This was our first visit to Saint Lucia. We were on our way to … and coming back from … Martinique. So it made sense to look for a hotel that was close to Castries City and its local airport. The Auberge Seraphine fitted this bill admirably, being almost (but not quite) at the end of the runway. Our rooms had amazing views of the cruise ships heading into and out of Castries harbor. All the photos below were taken from one or other of the two hotel rooms we stayed in.
As a hotel, this was a great place to stay. But the dining-room, not so much! We posted a review on Tripadvisor and have copied this review “below the photos”.
The harbor in Castries, like several other Caribbean islands we have visited, is totally dominated by the cruise ships. Given the size of the harbor, it is quite incredible that they actually spin these ships around inside the harbor basin. A docked cruise ship can be seen at the left side of the first two photos. A small pond between the hotel and the bay holds three trees and about a thousand egrets.
We chose to stay at the Auberge Seraphine for one night before flying to Martinique, and for two nights when we arrived back, largely because it is close to Castries airport and to the town itself.
The room we were given on our first night was great, in the newest (or most recently refurbished) part of the hotel at the far end of the swimming pool. The room looked modern and almost new, was a good size and, like everywhere in this hotel, had an amazing view of Castries harbour. When we returned from Martinique, we were given a room in the older part of the hotel, behind the swimming pool. This room was even larger than our first room but was a little dated and worn. The faucet on the sink functioned but was broken, the refrigerator ran off a clunky-looking transformer sitting on the floor beside it and the closet doors would not close. The staff at the front desk were friendly and helpful. WiFi worked well in both rooms. And the room price is undoubtedly a bargain compared to the prices charged by many of the luxury resorts in Saint Lucia.
Which brings me to our experiences in the restaurant. We had lunch there on the day we arrived. The restaurant was quite full and we got the impression that many of the people there are regulars, who seemed to be enjoying themselves and their food. But both of our lunchtime dishes were bland to the point of being almost tasteless and the service was, at best, indifferent.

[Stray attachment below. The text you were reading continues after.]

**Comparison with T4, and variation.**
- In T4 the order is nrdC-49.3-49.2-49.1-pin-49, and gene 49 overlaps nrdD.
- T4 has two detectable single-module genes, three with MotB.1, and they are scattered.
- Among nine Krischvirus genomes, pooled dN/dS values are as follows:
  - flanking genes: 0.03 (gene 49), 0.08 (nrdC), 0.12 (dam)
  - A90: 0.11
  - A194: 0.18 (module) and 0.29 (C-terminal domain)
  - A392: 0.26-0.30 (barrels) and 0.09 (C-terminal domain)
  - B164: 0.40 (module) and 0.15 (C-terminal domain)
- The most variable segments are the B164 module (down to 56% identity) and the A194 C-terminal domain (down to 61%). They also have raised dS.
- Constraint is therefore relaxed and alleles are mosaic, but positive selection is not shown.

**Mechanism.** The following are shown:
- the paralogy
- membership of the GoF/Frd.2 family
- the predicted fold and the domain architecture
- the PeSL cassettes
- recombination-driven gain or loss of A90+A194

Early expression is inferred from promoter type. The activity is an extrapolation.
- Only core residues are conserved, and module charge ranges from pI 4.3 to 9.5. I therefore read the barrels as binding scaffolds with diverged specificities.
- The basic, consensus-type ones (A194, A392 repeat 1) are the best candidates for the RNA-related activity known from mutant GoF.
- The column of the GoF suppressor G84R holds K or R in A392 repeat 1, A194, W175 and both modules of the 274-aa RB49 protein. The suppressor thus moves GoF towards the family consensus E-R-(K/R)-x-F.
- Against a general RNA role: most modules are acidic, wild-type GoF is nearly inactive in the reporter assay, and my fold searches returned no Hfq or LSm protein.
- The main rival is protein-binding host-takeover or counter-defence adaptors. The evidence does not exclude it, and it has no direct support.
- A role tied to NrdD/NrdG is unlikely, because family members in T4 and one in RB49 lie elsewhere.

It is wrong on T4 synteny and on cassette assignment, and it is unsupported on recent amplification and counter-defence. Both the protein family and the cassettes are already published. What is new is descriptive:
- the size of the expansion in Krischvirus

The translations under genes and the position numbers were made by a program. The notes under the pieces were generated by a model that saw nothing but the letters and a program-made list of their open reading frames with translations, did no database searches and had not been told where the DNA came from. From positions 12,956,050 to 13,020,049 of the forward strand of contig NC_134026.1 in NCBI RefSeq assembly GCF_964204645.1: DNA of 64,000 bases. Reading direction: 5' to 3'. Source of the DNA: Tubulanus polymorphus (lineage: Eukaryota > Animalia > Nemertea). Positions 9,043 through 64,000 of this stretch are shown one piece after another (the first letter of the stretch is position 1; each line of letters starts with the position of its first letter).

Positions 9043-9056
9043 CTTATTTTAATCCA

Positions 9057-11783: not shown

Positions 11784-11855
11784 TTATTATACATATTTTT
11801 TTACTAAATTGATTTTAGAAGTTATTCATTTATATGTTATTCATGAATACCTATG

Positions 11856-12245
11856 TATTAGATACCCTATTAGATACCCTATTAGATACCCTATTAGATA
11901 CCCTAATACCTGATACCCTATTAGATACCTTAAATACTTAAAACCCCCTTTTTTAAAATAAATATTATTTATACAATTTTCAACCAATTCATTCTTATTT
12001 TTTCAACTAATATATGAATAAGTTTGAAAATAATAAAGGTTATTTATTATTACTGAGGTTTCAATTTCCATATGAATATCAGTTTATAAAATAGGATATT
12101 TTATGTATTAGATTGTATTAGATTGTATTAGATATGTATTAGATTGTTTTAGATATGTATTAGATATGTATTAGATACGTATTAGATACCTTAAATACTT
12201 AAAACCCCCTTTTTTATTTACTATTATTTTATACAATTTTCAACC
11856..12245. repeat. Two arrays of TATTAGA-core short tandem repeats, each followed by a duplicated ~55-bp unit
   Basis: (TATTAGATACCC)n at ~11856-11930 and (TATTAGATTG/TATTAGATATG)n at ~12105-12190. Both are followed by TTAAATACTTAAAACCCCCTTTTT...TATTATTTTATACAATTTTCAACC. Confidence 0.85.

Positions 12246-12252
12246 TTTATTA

Not knowing of any other restaurant within walking distance of the hotel, we decided to give the dining room another try at dinner time. After our totally uninspired lunchtime meals, we opted for a pizza, despite the fact that this requires a 40 minute wait “because they are made from scratch”. But we were happy to sit at the bar while we waited. We asked to see a wine list but the barman told us that “we have lost it” and gave us the impression that this loss was neither recent nor considered important.
Our pizza topping, like many on the menu, included olives. When the pizza arrived, it tasted as if the chef had poured half a bottle of pickling liquid from the jar of olives over the pizza, rendering it almost inedible. When we commented on this, the staff were completely indifferent.
So for the other two days we stayed in the hotel, we went to the dining room only for breakfast. The breakfasts themselves were O.K. but by no means great. Service continued to be indifferent bordering on incompetent. The waitresses were very concerned to make sure that the dining room looked “neat” by dragging the rather heavy tables and chairs around the tiled restaurant floor. This included providing a third chair at our table-for-two while we were still dining. They were so busy doing this that they had little time to spare for the dozen or so guests. Coffee is poured for you by your waitress. When we finally got her attention and asked for a second cup, we were told on two days out of three that … “We have run out. You will have to wait while we make a fresh pot”.
Visually, this hotel has a superb location. But it is not quite as convenient as the map makes it appear. You still need a taxi to go almost anywhere, including downtown Castries unless you are willing to make the half-hour walk down a muddy path and a rubbish-strewn street past the cruise terminal to get to the main road. And of course, you still need a taxi to and from the airport. So, the next time we are flying into or out of Castries, I think we will look for a hotel in Rodney Bay.